I also believe that we must have open and frank discussions about race in our community. Last September the Wisconsin Council on Children and Families found that our state ranks dead last in the well-being of minority students. Studies by the Wall Street Journal and the Anne E. Casey Foundation support those findings. Wisconsin can and must do better.

I have a vision that Racine could become the model for attacking this blight. But before we can take the right steps to solve the problems, we must first talk about them, openly and frankly.

Plache: Raising the achievement levels of our lower-performing students, while continuing to offer a broad range of curricular and extracurricular opportunities, in a climate of reduced state and limited local aid.

Rendón: The most pressing issue right now besides the construction of two new schools and the upgrading of another, is the cuts to education by Gov. Walker.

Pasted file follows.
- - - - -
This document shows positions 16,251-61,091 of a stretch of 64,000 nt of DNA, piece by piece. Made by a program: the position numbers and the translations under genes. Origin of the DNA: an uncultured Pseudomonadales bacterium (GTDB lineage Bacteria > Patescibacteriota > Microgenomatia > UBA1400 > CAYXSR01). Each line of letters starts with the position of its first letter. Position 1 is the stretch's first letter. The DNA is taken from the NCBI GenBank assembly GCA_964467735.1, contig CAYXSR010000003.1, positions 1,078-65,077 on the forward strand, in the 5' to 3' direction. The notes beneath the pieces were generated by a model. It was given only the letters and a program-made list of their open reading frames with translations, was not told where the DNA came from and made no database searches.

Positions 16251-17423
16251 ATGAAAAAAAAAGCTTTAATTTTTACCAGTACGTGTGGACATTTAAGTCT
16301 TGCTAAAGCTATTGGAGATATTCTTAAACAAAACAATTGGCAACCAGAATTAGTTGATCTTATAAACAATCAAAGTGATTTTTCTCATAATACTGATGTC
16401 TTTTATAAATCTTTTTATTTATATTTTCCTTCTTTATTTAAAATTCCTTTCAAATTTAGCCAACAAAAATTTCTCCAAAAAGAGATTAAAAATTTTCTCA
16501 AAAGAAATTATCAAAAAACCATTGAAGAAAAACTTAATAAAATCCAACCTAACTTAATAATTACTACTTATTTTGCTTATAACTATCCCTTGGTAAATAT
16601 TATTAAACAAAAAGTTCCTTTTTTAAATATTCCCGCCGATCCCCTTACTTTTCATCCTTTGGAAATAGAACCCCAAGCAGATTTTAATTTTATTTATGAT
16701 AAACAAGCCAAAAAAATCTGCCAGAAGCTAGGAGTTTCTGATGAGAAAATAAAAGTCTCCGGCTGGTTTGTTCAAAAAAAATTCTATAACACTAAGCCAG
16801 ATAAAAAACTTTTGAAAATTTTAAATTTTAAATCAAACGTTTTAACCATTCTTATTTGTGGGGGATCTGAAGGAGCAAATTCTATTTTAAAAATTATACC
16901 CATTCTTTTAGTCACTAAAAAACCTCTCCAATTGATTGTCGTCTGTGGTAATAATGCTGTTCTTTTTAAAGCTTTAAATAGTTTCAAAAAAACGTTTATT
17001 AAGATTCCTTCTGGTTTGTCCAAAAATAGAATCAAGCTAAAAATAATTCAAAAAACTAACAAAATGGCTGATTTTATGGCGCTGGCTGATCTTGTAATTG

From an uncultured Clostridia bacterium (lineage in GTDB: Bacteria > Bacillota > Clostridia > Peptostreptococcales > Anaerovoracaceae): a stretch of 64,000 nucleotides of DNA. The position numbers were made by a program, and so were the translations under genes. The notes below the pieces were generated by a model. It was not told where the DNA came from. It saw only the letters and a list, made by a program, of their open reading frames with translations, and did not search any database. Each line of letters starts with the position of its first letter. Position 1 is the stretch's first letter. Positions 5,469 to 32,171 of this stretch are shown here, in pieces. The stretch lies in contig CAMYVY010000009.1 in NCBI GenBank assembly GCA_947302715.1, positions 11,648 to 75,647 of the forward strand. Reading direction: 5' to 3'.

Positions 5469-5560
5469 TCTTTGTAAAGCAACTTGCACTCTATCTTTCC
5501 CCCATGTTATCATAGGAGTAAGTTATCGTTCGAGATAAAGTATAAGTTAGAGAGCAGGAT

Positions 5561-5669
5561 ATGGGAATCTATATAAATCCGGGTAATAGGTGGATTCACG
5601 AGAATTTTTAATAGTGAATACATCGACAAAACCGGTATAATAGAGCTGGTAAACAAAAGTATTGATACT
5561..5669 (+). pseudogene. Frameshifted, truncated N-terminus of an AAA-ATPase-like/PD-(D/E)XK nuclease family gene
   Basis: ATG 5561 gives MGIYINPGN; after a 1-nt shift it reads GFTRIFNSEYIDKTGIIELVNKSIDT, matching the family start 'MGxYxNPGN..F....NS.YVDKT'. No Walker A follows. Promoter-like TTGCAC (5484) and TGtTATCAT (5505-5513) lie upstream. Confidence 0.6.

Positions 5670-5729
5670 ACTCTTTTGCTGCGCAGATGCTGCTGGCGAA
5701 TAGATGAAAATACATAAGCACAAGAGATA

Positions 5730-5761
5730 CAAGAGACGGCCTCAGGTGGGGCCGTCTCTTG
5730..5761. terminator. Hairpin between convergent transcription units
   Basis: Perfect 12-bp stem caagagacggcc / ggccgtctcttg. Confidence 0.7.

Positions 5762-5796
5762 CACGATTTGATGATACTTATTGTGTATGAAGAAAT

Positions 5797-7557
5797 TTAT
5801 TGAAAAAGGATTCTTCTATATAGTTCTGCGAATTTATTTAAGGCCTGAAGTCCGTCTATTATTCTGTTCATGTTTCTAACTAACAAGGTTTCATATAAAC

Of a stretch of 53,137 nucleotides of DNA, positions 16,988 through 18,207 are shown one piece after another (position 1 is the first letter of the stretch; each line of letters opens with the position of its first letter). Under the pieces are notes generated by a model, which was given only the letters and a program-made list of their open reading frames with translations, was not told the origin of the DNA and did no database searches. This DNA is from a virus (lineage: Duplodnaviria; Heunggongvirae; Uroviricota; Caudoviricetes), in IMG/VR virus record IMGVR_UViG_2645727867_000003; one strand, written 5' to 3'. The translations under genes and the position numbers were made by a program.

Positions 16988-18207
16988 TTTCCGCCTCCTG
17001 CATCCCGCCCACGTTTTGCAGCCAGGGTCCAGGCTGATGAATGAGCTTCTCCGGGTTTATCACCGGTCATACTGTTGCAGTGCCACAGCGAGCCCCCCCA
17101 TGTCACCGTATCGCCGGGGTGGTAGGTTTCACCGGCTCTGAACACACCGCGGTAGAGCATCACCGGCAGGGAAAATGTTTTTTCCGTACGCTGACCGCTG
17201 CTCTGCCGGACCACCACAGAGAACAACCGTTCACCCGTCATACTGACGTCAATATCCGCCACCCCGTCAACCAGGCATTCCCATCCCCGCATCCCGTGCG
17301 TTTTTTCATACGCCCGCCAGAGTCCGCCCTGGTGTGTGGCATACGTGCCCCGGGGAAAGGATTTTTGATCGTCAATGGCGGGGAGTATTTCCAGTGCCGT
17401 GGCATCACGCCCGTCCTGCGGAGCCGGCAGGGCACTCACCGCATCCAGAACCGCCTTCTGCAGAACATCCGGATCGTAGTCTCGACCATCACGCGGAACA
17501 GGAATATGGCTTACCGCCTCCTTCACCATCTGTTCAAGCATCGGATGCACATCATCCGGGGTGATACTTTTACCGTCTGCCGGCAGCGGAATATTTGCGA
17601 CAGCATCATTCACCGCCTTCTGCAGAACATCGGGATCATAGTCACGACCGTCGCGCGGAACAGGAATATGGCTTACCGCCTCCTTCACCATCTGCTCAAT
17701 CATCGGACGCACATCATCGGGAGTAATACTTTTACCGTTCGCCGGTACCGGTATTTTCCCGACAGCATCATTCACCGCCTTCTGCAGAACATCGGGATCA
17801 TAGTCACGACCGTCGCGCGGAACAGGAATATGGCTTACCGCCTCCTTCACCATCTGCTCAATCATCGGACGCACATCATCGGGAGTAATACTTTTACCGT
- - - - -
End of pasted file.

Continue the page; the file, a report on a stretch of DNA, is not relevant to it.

JT: What is your position on the idea of municipalities like Caledonia or Sturtevant creating their own school districts?

Biemeck: It is important to gauge the interest of the community before deciding whether or not to proceed, so I am in favor of the non-binding referendum being on the ballot. I feel it is a shame that communication has broken down to the point that these communities feel the need to separate from RUSD because their needs are not being addressed.

No matter what the vote is, it is the Board of Education's duty to reach out to Caledonia and Sturtevant and rebuild the relationships with them.

Nielsen: If a majority of the residents favor separate districts in the referendums after being made aware of all the costs and other challenges, I would support bringing it to a binding referendum. If that passed it is my understanding it would be brought to the Board of Education for a vote.

Parham: I think that impulse is a reaction to frustrations with the district, the prospect of shrinking state support, and the pressures brought by increasing mandates. I question if the municipalities could afford to separate themselves from the district.

My impression is that it would create a crisis for all concerned. Philosophically I believe that we are stronger as one district, that the issues of the city are shared by our outlying areas.